The effects of the COVID-19 pandemic

By October 16, 2020Work update

Just like any global project, Erasmus+ KA2 MEGA was heavily affected by COVID-19 and the travelling restrictions caused by the pandemic. At the beginning of the year, MEGA was approaching the last and most important milestones of the project. Based on the initial project timeline, 2020 was going to be the final year to implement the remaining part of the project activities. Many activities that had already begun suddenly reached a critical stage and, stopping them completely, could cause long-term damage for the overall project. Unfortunately, one of the most critical deliverables – “Field testing of the MEGA app” – was also among the activities whose execution risked being put to a halt completely.

After numerous video calls among the project consortium, it was clear that each partner country is sliding into national lockdown. These lockdowns were limiting domestic and international mobility, causing the consortium to make a decision to postpone the planned project meetings in South Africa until the situation stabilizes. Unfortunately, it is still unclear whether the project consortium will be able to implement any of the remaining face-to-face meetings.

What kind of actions has MEGA taken to tackle the damaged caused by COVID-19?

As a consortium that mainly represents the healthcare field, MEGA was in an advantaged position to understand the impending pandemic. Therefore, the MEGA consortium was prepared to implement some rapid changes in order to soften any possible damage caused by COVID-19. The first step was to ensure the safety of project participants and partners. This is why the MEGA consortium decided to cancel all physical meetings in Europe and Africa, transferring all the remaining project meetings to online platforms. Implementation of activities which were intended for the general public (e.g. seminars, trainings) was tackled by establishing tailor-made materials, which would replace the initially planned physical meetings and seminars.

The situation with piloting the MEGA mobile application was a bit more complicated, due to limited interaction with project stakeholders caused by the pandemic. As the MEGA app had to be tested in real-life settings by project stakeholders (nurses, clinical officers, etc.), the consortium could not use any digital tools or online platforms to replace the face-to-face testing period. However, the MEGA consortium strongly believes that the health of the primary healthcare specialist is more important than the overall project results. Fortunately, nurses in several South African and Zambian clinics were able to use the MEGA app while fulfilling their daily duties and, thus, the project was able to collect the necessary data.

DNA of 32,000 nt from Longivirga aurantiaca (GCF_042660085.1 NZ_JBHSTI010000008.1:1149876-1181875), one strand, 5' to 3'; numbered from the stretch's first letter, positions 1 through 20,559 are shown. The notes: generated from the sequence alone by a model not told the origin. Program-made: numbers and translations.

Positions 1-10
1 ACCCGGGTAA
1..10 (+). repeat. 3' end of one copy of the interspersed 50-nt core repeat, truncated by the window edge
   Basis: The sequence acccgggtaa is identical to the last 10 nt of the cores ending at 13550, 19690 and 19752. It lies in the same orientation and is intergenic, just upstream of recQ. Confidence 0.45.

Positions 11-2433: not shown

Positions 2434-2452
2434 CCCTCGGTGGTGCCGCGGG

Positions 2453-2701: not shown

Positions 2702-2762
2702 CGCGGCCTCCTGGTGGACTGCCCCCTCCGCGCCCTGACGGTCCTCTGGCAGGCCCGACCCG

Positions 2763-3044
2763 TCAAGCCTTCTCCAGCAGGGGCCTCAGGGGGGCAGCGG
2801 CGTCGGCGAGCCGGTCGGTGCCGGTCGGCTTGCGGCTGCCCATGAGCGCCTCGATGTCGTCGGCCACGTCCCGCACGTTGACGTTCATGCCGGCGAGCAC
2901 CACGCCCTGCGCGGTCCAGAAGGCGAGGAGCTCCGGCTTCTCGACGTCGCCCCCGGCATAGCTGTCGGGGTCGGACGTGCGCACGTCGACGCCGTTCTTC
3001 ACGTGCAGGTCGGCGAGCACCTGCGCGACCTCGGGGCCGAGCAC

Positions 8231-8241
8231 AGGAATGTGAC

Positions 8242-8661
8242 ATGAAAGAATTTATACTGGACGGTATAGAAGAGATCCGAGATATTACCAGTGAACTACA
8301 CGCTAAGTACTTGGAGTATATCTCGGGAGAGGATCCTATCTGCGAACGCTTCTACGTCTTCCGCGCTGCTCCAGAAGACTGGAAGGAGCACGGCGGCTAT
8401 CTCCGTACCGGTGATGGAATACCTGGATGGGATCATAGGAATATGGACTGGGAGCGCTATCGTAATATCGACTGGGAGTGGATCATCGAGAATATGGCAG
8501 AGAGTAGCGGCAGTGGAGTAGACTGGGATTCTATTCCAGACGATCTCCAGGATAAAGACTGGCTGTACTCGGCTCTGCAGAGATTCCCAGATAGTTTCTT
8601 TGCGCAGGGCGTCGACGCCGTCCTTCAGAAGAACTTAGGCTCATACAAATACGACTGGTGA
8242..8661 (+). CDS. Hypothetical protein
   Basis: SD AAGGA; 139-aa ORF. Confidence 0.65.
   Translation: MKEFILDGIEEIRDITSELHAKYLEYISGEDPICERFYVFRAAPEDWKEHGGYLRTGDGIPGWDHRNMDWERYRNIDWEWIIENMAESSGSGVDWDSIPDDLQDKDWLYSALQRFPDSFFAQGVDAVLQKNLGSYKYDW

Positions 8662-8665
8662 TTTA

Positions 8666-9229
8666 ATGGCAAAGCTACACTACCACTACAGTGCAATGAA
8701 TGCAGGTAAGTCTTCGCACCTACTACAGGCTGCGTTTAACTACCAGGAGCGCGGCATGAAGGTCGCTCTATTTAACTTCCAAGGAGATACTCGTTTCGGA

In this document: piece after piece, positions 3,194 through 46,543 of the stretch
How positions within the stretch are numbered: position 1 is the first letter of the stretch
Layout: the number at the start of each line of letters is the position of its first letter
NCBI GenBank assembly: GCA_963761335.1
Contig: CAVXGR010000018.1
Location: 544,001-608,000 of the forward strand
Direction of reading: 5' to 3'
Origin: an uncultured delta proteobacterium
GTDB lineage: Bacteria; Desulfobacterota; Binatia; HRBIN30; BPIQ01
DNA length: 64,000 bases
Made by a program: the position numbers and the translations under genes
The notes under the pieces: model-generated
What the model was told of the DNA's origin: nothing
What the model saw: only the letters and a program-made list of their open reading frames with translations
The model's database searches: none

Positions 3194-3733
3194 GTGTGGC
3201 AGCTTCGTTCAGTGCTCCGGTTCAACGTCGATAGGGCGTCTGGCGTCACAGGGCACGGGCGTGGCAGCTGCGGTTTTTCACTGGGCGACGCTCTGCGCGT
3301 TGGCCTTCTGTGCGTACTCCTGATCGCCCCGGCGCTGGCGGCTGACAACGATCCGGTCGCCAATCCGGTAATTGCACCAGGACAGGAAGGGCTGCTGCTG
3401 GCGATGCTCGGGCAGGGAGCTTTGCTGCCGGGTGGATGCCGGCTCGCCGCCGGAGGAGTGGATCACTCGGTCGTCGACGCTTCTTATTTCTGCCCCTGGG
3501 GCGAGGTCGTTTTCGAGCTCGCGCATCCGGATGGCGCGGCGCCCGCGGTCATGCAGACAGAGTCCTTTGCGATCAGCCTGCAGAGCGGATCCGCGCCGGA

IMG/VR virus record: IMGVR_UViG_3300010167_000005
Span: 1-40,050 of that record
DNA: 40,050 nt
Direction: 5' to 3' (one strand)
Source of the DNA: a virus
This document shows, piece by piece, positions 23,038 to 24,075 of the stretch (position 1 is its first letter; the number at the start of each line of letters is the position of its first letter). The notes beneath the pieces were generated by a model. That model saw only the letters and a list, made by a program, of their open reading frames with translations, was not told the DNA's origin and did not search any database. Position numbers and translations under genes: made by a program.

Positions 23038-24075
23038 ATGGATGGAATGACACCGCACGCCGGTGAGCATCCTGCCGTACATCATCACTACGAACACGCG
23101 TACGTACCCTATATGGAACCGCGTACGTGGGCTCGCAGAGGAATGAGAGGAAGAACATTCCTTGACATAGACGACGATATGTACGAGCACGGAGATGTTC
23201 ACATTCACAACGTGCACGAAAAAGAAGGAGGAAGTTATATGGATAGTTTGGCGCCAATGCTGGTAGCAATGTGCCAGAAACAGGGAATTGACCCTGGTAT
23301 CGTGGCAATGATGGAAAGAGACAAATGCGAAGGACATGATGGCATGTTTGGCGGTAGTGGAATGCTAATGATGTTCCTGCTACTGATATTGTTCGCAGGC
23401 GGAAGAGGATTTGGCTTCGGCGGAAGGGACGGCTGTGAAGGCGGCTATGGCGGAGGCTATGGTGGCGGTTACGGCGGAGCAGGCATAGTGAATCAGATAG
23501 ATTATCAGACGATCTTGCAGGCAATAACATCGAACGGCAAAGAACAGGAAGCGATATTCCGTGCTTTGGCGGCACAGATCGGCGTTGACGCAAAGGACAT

What can MEGA and other KA2-projects/EU learn from the pandemic?

The pandemic period has been an excellent learning curve for both the funder and the beneficiaries. Communication during the lockdown period has shown that almost all partners have access to a solid internet connection and online tools. However, we have observed that consortiums (not only MEGA) are not advancing these tools as often as they could. Therefore while planning new projects, e-toolkits should be more commonly used.

As it is still quite difficult to predict when the current pandemic will end, consortiums need to advance the lessons learned and work on implementation strategies that are more reliant on different e-solutions. Fortunately, the MEGA consortium has already taken many necessary steps to become more virtual. Thus, project funder could collect these case studies and develop guidelines on how to develop a virtual working environment and how to shift work online.

The risk assessment will be more closely reviewed while preparing new projects. The future project consortiums have to practice out of the box thinking and be prepared for situations, which might not even happen. Therefore, also the funder should put more emphasis on risk assessment plans and closely review how the future projects are estimating possible risks. Project consortiums have to be ready to tackle unexpected issues.

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